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Æthelburh of Kent

Æthelburh of Kent (born c. 601, sometimes spelled Æthelburg, Ethelburga, Æthelburga; Old English: Æþelburh, Æðelburh, Æðilburh, also known as Tate or Tata), was an early Anglo-Saxon queen consort of Northumbria, the second wife of King Edwin. As she was a Christian from Kent, their marriage triggered the initial phase of the conversion of the pagan north of England to Christianity.

Saint Æthelburh
Queen of Northumbria,
Abbess of Lyminge
Bornc. 601
Kent, England
Diedc. 647
Lyminge, Kent, England
Venerated inRoman Catholic Church
Eastern Orthodox Church
Anglican Communion
Major shrineCollegiate Church at Canterbury, England
Feast5 April

Contents

Æthelburh was born in the early 7th century, as the daughter of King Æthelberht of Kent (sometimes spelled Aethelberht) and his queen Bertha, and sister of Eadbald. In 625, she married Edwin of Northumbria as his second wife. A condition of their marriage was Edwin's conversion to Christianity and the acceptance of Paulinus's mission to convert the Northumbrians.

Æthelburh's children with Edwin were: Eanflæd, Ethelhun, Wuscfrea and Edwen.

Her daughter Eanflæd grew up under the protection of her uncle, King Eadbald of Kent. Bede, Ecclesiastical History (2.20) states that Æthelburh did not trust her brother, or Edwin's sainted successor Oswald, with the lives of Edwin's male descendants whom she sent to the court of King Dagobert I (her mother's cousin).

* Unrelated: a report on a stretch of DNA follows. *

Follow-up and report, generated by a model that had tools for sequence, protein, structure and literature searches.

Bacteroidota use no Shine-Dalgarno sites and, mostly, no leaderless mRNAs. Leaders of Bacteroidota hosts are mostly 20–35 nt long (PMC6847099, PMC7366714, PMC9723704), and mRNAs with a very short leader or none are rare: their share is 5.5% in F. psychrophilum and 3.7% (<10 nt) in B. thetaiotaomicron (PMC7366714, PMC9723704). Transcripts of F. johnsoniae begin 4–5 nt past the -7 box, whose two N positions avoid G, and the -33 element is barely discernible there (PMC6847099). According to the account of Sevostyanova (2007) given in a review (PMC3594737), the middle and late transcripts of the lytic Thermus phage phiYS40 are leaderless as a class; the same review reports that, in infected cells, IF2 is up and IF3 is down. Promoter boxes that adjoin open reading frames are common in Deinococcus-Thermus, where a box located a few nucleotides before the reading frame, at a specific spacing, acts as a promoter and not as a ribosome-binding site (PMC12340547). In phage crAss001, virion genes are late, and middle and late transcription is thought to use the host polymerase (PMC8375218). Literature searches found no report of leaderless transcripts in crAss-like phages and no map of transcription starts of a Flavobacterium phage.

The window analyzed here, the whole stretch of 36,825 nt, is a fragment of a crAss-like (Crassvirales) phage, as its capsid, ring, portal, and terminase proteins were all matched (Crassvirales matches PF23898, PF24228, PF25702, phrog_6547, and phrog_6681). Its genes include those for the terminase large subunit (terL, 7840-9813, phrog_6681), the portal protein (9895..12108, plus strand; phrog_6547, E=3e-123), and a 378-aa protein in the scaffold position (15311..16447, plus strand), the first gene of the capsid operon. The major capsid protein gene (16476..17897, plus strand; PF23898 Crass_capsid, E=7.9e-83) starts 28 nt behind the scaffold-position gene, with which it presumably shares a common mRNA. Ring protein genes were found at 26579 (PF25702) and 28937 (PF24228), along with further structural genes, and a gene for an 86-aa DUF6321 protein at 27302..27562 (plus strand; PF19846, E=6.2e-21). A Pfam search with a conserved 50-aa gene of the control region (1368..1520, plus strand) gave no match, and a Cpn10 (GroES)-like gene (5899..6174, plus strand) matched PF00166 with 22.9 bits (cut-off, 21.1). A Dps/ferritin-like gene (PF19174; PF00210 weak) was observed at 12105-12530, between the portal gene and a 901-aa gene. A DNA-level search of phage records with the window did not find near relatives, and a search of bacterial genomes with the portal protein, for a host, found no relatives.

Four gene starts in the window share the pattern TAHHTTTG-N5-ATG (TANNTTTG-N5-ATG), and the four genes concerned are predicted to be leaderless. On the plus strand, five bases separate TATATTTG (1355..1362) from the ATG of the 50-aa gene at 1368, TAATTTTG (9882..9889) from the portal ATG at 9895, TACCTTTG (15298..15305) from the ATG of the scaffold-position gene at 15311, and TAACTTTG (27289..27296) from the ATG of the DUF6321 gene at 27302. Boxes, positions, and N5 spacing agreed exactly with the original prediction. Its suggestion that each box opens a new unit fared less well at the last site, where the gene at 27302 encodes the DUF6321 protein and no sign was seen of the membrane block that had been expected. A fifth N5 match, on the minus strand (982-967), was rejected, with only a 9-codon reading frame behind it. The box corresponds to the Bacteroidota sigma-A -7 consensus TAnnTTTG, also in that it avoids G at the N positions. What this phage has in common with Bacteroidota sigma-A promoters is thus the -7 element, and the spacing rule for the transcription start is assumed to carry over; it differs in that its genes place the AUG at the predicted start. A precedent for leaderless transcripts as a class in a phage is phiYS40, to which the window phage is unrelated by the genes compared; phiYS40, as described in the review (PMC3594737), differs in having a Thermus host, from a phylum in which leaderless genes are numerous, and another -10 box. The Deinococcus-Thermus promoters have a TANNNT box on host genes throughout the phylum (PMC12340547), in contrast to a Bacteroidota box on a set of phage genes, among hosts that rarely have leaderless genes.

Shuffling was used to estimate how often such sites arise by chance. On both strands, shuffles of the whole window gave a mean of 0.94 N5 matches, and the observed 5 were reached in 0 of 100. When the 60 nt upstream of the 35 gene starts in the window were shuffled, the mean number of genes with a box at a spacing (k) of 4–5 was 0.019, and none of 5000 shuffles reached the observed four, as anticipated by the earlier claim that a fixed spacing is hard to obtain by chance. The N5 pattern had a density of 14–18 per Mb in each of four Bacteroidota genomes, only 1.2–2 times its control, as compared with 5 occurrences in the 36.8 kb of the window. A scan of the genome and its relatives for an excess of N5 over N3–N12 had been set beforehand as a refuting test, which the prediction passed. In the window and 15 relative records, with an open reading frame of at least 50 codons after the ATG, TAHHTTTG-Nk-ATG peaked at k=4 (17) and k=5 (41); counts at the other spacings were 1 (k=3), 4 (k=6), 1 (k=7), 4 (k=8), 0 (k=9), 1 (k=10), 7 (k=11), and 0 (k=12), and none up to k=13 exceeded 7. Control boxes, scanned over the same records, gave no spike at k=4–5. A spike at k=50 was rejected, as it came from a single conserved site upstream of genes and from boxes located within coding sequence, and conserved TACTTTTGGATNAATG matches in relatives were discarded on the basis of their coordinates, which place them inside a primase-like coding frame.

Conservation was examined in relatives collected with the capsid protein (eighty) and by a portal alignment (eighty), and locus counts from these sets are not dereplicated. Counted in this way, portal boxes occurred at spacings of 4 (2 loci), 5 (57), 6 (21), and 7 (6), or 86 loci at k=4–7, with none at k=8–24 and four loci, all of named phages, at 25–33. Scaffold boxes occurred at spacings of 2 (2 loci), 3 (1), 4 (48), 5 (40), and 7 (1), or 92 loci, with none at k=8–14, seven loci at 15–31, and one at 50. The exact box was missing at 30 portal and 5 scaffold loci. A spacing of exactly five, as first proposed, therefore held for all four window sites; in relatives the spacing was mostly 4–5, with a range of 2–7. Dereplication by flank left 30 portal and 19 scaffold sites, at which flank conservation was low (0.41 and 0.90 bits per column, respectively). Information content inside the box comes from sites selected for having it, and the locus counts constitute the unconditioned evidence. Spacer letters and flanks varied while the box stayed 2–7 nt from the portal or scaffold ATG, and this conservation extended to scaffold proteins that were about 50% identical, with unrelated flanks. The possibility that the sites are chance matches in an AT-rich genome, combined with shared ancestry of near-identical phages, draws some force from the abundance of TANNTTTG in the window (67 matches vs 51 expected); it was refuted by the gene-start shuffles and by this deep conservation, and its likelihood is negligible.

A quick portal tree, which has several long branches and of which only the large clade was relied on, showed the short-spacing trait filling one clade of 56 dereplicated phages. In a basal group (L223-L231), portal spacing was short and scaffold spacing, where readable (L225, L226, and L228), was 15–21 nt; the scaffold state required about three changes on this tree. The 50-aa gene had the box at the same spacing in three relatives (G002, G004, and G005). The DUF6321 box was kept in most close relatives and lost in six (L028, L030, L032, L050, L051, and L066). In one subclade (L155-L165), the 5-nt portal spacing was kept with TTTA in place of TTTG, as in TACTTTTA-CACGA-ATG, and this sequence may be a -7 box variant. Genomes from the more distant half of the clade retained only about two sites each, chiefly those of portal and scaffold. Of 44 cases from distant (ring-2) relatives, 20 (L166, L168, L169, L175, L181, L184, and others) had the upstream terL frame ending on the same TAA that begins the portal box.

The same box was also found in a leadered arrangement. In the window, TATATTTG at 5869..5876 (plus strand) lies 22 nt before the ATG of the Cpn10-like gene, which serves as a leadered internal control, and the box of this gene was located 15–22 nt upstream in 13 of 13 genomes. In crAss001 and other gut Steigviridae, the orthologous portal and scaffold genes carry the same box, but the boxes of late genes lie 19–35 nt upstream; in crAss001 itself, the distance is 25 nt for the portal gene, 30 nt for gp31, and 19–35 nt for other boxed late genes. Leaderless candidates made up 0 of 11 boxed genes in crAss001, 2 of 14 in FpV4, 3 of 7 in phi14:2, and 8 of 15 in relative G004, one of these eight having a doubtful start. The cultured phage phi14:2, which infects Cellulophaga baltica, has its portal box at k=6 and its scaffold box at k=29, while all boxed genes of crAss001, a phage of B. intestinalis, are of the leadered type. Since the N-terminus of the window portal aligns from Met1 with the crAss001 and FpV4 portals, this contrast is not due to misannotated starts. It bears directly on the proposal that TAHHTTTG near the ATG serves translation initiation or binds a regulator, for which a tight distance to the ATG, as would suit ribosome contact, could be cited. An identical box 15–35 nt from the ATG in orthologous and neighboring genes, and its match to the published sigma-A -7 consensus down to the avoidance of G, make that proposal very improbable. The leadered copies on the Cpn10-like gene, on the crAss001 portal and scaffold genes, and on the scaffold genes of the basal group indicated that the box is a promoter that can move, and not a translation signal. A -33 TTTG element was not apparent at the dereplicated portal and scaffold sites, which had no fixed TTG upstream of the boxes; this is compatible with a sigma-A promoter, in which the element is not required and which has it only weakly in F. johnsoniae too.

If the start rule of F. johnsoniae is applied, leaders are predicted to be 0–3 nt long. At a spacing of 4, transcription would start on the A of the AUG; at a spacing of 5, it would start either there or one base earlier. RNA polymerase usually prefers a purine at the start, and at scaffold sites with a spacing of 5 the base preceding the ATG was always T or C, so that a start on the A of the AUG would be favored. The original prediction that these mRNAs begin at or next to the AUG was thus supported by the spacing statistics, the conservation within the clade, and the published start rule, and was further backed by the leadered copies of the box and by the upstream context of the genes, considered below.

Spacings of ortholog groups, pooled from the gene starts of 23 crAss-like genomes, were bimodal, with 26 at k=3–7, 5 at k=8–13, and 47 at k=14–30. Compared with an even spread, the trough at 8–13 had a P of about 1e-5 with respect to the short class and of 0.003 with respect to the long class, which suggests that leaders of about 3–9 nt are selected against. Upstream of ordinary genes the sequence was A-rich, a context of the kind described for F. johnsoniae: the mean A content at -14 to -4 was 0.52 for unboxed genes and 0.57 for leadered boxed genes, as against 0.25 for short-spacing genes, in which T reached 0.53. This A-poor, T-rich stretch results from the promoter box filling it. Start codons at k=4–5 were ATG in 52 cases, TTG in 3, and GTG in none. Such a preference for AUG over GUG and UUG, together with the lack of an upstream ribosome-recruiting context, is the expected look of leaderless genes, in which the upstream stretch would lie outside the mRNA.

Saxon church at Lyminge founded by Æthelburh in 633, excavated in 2019
Stone in Lyminge Church marking the burial site of the founder

King Edwin’s conversion was due to his marriage to Æthelburh, who brought her bishop Paulinus with her. Both Æthelburh and her mother, Bertha, received letters from popes Gregory and Boniface respectively, urging them to do their Christian duty by converting their pagan husbands. Their daughter Eanflaed was one of the first to be baptized in Northumbria. After King Edwin was wounded, Æthelburh's alarm caused an early onset of childbirth. Both the mother, as well as the infant, appeared to be in danger. The prayers of Paulinus were offered for the queen and child. After they recovered, 12 of the royal households, as well as the baby, were baptized by Edwin's permission and request.